How to Become a Dental Lab Technician: Training, Education & Certification

Learn how to become a dental lab technician and how to get the right dental lab technician training to complete your education and get certified.
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Dental Lab Tech Career Facts

What is a Dental Lab Technician?

Though the most well-known position in a dentist’s office is a dentist, there are a number of other dental care providers who work with dentists to provide the care patients need to keep their teeth healthy and their smiles beautiful. One position that provides an integral role as part of the dental care team is the dental lab technician. Understanding what a dental lab technician is and how to pursue this career path can help you determine if this is a good option for you to work in the dental field.

In short, a dental lab technician works directly with dentists to outline, design and create a wide variety of dental prostheses such as dentures for specific patient needs.

Job Duties

Unlike dental assistants, who work in a dental office with patients, a dental lab technician helps dentists provide the dental devices needed to correct problems patients face in order to give them the smiles they want and need. This work begins after patients are examined and a care plan has been developed to address dental concerns they have. Using information provided by dentists, dental lab technicians help create appliances like:

  • Crowns
  • Veneers
  • Partial and full dentures
  • Fixed bridges
  • Orthodontic appliances

Typically, dental lab technicians specialize in one of the following areas:

  • Partial dentures
  • Complete dentures
  • Ceramics
  • Crowns and bridges
  • Orthodonic appliances

Training & Education

Formal education may not be required to become a dental lab technician. Some employers may provide on-the-job training rather than formal education or training. In that case, only a high school diploma or GED would be required for employment.

Taking the time to complete education and training will make you more competitive in the marketplace and increase your earning potential.

For those seeking formal education and training, such as a technical school or college, most dental lab tech programs require a high school diploma or GED for admission. The education options for dental lab technicians is a two or four-year degree program. The two-year program provides students with the ability to become certified along with an Associate degree. The four-year program provides the same certification preparation along with a Bachelor’s degree.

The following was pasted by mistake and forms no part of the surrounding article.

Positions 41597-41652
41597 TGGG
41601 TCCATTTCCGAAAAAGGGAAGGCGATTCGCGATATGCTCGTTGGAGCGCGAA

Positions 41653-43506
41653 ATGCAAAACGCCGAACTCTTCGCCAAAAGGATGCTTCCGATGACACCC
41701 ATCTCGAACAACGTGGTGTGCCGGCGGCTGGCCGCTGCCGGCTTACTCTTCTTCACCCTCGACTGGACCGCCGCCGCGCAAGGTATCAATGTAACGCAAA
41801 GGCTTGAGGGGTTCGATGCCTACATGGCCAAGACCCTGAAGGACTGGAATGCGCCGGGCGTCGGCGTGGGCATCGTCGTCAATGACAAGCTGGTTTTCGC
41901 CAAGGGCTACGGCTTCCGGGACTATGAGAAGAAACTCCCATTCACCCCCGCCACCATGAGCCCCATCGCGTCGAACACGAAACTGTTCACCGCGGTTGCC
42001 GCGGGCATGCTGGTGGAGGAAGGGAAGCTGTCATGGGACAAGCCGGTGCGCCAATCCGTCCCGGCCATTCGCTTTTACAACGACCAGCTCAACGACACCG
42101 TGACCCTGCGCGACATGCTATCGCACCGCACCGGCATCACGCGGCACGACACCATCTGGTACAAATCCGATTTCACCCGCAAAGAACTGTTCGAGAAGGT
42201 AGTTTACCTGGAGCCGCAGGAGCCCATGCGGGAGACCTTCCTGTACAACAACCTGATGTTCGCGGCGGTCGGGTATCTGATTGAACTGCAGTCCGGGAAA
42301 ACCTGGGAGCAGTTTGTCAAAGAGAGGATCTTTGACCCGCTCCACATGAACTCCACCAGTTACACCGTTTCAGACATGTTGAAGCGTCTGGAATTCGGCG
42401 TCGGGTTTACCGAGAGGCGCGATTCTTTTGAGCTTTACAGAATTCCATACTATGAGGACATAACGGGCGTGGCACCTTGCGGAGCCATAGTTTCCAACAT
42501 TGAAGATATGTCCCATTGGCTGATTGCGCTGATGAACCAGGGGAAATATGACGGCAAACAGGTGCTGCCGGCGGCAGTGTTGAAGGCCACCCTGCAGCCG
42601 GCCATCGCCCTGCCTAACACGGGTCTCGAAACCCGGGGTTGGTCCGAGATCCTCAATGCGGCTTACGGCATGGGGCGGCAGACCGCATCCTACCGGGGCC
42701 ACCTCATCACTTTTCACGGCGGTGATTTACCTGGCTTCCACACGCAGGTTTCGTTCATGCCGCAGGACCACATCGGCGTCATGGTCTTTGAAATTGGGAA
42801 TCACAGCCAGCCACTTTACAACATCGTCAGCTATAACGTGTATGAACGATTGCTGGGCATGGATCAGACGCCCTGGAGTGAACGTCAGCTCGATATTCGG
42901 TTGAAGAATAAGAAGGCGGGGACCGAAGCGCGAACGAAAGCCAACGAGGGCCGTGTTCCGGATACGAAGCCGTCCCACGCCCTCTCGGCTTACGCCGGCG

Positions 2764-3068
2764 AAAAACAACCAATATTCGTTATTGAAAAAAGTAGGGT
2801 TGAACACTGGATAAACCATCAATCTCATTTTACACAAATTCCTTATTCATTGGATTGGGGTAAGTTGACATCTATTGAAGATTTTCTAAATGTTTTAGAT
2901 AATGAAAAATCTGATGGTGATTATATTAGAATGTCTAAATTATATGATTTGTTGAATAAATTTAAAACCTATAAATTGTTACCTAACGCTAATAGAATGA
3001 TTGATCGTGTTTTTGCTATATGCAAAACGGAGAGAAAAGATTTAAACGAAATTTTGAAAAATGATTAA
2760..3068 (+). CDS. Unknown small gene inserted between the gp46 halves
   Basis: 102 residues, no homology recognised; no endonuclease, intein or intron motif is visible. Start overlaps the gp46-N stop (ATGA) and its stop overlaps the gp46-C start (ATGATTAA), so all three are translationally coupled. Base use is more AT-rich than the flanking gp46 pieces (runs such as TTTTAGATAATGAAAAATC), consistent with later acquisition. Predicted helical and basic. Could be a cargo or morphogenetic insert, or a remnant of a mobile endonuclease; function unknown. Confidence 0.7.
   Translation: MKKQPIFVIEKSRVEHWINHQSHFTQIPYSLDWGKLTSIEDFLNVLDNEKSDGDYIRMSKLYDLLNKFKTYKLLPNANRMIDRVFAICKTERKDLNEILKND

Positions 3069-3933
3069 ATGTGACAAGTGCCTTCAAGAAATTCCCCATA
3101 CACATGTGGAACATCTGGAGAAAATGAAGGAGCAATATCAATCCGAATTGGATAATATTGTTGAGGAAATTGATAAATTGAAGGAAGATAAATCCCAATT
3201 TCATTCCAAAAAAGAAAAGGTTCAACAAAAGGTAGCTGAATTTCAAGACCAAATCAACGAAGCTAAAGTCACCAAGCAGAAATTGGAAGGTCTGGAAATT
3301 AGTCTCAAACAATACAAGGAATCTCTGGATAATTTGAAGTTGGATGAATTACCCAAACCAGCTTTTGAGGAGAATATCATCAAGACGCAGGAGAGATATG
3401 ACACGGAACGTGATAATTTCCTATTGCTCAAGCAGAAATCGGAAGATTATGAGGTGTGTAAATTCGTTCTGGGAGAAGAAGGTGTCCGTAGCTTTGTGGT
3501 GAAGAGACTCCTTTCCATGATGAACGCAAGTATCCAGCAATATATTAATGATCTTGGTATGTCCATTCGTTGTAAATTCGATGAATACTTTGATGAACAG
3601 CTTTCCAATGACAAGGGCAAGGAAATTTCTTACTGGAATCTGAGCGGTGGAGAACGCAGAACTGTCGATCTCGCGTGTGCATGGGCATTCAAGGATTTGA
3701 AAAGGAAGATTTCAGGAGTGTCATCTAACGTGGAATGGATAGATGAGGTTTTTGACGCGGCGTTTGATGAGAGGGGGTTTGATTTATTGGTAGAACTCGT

All dental lab technician programs consist of both dental specific curriculum paired with general education coursework. These programs are available at many different educational institutions, including community colleges, technical colleges, vocational schools, dental schools, and some general universities.

How to become a certified dental lab technician

Certification

After completing the education program, students are able to begin working as dental lab technicians. Though a license is not required to work, it is recommended and may be required or preferred by individual employers. Certification is overseen by the National Board for Certification in Dental Laboratory Technology (NBCDLT).

In order to receive certification, students must complete an accredited program as well as have a minimum of two years of experience. If you did not go through an education program and instead received on-the-job training, you may take the certification exam after five years of work experience. Dental lab technicians with certification are referred to as Certified Dental Technicians (CDT).

Dental Lab Tech Salaries and Job Growth

Dental lab technicians earn a very competitive salary of $36,690 if you have a high school diploma or equivalent and the field is projected to grow at an above average rate of 11%.

Here are dental lab technician salary and career statistics from the BLS:

Quick Facts: Dental and Ophthalmic Laboratory Technicians and Medical Appliance Technicians
2018 Median Pay$36,690 per year
$17.64 per hour
Typical Entry-Level EducationHigh school diploma or equivalent
Work Experience in a Related OccupationNone
On-the-job TrainingModerate-term on-the-job training
Number of Jobs, 201881,500
Job Outlook, 2018-2811% (Much faster than average)
Employment Change, 2018-289,100

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